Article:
- Wed, 05/30/2012 - 21:53
- 0 Comments
Three years ago a new driver license system was launched in Liberia. Given the security risks associated with a weak state like Liberia, one would assume that any form of government-issued license or ID card is informed by common sense security requirements. That is security against falsification, duplication, or even impersonation. Partly because of the prolonged war, Liberia lacks a credible national registry of its citizens, and a credible national repository of live births or deaths is still underway. This is why flaws in the issuance of driver’s license are troubling, potentially risky, and require immediate attention.
I accompanied my brother-in-law to the Ministry of Transport two weeks ago for a driver’s license. He was visibly excited about the speed of the process and the fact that the license looks like those issued him in the US. Frankly, I was also impressed by the speed of the service even though I realized later that he had a paid helping hand inside the Ministry who helped to push the papers.
While we waited in the hallway before taking the picture, I started a casual conversation with a young man who was next to us in line. He showed me his license which was valid until October 2011. Why are you here, I asked. “I am traveling to Europe for six months and by the time I return, my license would have expired. So I want to renew my license before I travel”, he replied. This is a simple and a legitimate use case for a driver license system, I thought.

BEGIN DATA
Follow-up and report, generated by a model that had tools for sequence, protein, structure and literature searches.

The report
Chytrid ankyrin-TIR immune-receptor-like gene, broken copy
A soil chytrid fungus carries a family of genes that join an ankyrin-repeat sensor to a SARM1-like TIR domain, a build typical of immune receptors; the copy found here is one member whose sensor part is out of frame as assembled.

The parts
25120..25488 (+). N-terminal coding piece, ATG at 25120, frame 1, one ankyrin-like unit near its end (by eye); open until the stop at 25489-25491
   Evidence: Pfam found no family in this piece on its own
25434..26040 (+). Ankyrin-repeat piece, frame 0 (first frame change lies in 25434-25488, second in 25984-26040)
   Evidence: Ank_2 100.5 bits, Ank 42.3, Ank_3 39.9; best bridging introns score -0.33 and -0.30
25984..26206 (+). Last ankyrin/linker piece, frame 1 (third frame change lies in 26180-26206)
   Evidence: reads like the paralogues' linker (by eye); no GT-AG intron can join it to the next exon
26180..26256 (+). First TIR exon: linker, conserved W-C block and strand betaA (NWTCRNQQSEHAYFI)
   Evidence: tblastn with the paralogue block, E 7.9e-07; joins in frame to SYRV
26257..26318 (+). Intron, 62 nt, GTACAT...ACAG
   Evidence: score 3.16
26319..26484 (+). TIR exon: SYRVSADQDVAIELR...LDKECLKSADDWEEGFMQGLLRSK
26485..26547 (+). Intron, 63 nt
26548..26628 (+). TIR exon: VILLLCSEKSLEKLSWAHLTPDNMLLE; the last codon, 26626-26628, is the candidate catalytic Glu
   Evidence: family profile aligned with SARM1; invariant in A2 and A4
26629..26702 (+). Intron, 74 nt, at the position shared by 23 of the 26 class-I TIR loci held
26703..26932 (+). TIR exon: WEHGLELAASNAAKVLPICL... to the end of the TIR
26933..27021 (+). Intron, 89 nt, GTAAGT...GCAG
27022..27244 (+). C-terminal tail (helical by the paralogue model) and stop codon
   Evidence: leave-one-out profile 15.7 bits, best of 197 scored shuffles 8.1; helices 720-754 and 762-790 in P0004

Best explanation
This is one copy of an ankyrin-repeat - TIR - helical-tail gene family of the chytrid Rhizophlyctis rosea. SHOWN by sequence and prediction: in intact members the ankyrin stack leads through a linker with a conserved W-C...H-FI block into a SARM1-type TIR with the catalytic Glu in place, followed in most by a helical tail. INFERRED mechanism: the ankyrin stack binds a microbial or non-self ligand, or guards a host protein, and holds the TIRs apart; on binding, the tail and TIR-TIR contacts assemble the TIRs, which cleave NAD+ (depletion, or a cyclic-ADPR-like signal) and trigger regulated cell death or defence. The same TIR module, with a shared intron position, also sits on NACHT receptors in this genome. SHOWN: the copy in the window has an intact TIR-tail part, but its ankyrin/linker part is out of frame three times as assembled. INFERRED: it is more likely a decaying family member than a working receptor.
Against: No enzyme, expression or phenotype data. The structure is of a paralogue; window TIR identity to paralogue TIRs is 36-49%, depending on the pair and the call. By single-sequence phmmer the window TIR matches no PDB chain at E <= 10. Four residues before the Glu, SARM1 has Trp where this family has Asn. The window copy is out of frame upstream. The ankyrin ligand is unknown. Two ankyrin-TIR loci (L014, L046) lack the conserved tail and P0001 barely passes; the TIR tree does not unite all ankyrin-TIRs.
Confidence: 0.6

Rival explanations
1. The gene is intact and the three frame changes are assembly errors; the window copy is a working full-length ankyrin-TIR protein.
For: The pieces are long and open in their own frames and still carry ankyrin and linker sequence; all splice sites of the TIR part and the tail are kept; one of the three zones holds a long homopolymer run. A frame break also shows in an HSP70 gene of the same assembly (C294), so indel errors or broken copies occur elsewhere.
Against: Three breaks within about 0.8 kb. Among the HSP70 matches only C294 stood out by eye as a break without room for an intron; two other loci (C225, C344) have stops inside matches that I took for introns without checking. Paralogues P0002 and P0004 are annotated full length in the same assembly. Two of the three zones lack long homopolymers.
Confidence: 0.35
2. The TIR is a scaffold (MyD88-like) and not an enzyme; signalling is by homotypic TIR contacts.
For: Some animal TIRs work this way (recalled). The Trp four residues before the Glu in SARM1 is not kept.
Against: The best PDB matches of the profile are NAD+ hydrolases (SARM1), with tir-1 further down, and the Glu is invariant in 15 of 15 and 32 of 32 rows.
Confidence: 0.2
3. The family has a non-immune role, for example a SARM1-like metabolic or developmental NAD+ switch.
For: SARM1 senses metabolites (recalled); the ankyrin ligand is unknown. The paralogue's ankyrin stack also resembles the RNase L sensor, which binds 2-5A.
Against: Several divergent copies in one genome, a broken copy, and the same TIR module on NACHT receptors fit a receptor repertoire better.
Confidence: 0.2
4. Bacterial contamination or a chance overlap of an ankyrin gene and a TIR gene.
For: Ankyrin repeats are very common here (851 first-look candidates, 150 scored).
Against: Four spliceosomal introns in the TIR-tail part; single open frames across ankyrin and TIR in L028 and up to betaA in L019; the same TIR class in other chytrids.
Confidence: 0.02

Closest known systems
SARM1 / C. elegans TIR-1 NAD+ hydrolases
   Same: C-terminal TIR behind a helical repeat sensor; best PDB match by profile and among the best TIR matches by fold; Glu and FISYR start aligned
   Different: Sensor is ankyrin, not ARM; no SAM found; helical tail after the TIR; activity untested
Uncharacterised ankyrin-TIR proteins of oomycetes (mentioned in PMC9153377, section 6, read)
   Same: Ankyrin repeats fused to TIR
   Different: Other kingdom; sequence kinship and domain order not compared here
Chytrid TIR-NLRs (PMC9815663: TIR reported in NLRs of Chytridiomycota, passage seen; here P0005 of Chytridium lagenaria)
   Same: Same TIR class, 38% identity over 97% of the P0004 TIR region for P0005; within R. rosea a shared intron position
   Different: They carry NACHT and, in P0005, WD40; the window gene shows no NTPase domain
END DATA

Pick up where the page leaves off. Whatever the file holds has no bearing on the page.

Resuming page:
Is the process for re-issuing or renewing the license the same as a new one? He answered yes. I was surprised but eager to see if the system was smart enough to detect the duplicate record. Few minutes later the fellow comes out of the office holding two valid licenses with identical credential except the new license had his new photo taken few minutes earlier. Not only did the system fail to detect the duplicate record, the new license issued had no relations to his other license.
Baffled, I tried to talk to few people in the office but could not get anyone to accept responsibility for the obvious lapse in the system. A week later, at Baracuda, a water pack on the Robertsfield highway, I ran into the Minister of Transport, Mr. Willard Russell and told him my experience and he simply said they are working on the system.
Liberia is developing and many of us are proud of the advances being made but development will remain illusive until our national security is properly guarded. Each loophole the government mindlessly creates through the issuance of any form of identity is a vulnerability to our national security. This is partly why the number of ‘foreigners’ passing as Liberians in search of private sector, and sometimes public sector, jobs in Monrovia is growing.